It is invite only, has a six-figure membership fee and a strict ‘no assholes’ policy. Michael Donaldson takes a look around Tara Iti, which is destined to become New Zealand’s premiere golfing paradise.

Forget about how the other half live, this is how the “one per cent” do it. Tara Iti, on the coast near Mangawhai, about 90 minutes north of Auckland, is New Zealand’s first American-style private golf club. With the emphasis on private.

Getting information about the members or what they pay to join this elite club is almost impossible.

And most of the information that has filtered into the public domain is dismissed as incorrect by Jim Rohrstaff, who manages real estate sales and memberships for the club.

No, he says, memberships do not cost $175,000. No, the annual fee is not $10,000-$15,000. No, there is no compulsory bar tab of $1000.

One piece of information that did slip through the net was the fact New Zealand’s world No 1 golfer Lydia Ko played a round at Tara Iti with Prime Minister John Key after her victory at the New Zealand Open earlier this year – and the fact that has made its way into the public domain annoys Rohrstaff.

“I was not overly thrilled to see that slip-up. We take the privacy of those that are here very seriously.

“It’s the way we try to do things – people appreciate that they come here without everyone knowing about it whether you’re Joe Smith or the Prime Minister.”

The club will never reveal the names of its members, although former touring professional Greg Turner has been “outed” as a member by course designer Tom Doak, who was rapt to learn Turner thought the course so good he was prepared to pay for a membership out of his own pocket – something he has never done in his adult life.

The membership will be capped at about 250. There is a joining fee (confidential). There is an annual fee (confidential). There is no compulsory bar tab.

If a member wants to play, they also have to stay the night on the property – which they pay for – and they must take a caddy, again paid for as an extra.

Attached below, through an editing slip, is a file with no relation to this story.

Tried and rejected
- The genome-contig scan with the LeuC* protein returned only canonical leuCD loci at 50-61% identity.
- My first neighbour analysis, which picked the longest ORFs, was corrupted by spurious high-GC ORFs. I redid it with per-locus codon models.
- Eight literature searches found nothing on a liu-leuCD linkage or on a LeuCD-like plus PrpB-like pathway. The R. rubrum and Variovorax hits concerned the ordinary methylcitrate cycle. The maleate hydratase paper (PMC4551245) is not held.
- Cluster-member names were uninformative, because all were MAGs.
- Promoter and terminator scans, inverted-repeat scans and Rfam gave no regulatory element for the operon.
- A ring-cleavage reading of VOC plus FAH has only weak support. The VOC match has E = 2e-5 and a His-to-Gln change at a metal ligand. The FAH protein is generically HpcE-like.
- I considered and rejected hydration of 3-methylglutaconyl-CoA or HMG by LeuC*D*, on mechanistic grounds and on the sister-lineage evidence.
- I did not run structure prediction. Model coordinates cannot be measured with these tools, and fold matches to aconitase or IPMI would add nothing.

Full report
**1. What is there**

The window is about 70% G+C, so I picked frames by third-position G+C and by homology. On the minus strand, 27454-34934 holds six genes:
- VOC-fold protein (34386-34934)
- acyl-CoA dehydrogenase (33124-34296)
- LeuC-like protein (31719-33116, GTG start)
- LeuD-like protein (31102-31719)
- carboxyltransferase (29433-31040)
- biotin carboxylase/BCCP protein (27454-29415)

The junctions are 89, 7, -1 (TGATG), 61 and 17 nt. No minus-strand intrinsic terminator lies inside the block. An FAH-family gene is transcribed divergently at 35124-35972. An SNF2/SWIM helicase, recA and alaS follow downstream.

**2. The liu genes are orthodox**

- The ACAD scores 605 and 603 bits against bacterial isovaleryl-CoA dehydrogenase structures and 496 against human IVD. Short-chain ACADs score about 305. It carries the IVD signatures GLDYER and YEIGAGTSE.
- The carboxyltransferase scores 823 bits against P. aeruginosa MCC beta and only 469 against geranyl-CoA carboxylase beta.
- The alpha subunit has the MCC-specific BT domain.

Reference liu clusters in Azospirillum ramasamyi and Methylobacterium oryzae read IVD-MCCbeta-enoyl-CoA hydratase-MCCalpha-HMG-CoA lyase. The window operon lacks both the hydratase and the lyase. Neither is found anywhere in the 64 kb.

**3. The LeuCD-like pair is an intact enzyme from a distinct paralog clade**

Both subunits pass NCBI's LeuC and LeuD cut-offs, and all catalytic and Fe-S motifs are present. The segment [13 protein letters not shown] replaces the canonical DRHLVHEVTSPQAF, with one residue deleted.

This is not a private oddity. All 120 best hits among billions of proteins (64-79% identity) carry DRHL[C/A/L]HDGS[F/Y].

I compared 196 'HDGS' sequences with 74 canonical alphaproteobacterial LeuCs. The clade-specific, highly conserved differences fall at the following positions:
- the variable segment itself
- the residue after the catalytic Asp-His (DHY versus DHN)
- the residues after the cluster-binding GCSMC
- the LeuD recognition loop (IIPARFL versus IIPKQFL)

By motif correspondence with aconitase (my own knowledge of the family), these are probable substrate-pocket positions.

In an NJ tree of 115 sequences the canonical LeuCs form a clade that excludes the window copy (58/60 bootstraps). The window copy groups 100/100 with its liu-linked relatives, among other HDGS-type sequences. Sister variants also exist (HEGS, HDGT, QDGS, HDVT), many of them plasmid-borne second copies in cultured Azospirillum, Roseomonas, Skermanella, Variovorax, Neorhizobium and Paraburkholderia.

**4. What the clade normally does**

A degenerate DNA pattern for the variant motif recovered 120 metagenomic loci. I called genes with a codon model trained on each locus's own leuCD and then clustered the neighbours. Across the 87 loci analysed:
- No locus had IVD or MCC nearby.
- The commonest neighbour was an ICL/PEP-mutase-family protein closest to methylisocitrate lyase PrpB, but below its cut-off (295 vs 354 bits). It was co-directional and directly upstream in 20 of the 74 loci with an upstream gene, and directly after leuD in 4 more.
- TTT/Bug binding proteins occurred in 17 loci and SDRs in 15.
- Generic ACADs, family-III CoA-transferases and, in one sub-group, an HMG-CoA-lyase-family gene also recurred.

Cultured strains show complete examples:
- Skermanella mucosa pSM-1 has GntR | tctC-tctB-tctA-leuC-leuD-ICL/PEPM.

It’s part of the club’s philosophy of taking golf back to a simple, natural experience.

There are no golf carts allowed on the course and all players walk.

Whatever the cost to members – you can rest assured we are talking well into six figures – it’s an incredibly expensive way to play the game but that’s because Kiwis don’t understand the American model of private clubs, which are as much about socialising as recreation.

The swamp kauri fire pit at Tara Iti
The swamp kauri fire pit at Tara Iti. Photo / Michael Donaldson

Nor do they fully appreciate the value of high-end golf, Rohrstaff says.

As an American who has lived in New Zealand for the past two years, Rohrstaff has discovered not many things here are “undervalued” relative to the United States – but healthcare and golf are two.

“From a US perspective, the healthcare system here is inexpensive. The fact the Government provides healthcare for its citizens is phenomenal.

“A lot of things here are expensive but golf and healthcare are definitely undervalued.”

Golf, perhaps because we have more golf clubs per capita than any country bar Scotland, is accessible and cheap.

It’s a message Ko has preached on the world stage. Whenever she has been asked about the advantages of learning the game here, she always refers to how cheap it is compared with her birth country of Korea. Her first membership cost just $100 at Pupuke.

Tara Iti is not open to just the people with the fattest wallets, however.

No dicks allowed

The philosophy of the club is summed up in a “no assholes” policy depicted on the wall of the locker room – in an excerpt from Oliver Horovitz’s An American Caddie in St Andrews, where he laments the rude Americans who swear, throw clubs, blame others for their bad play and generally make life intolerable for those around them.

Instead, to gain entry to Tara Iti, members have to pass the equivalent of a personality test, with extensive background checks and interviews before they are welcomed in.

And yes, Rohrstaff has turned away people despite the fact they were more than capable of paying their dues.

The flipside is that although it’s incredibly private, it’s not impossible for Joe Hacker to be invited for a round.

“We require a letter of introduction from your club and then we ask that you stay on site in the member cottages,” Rohrstaff says.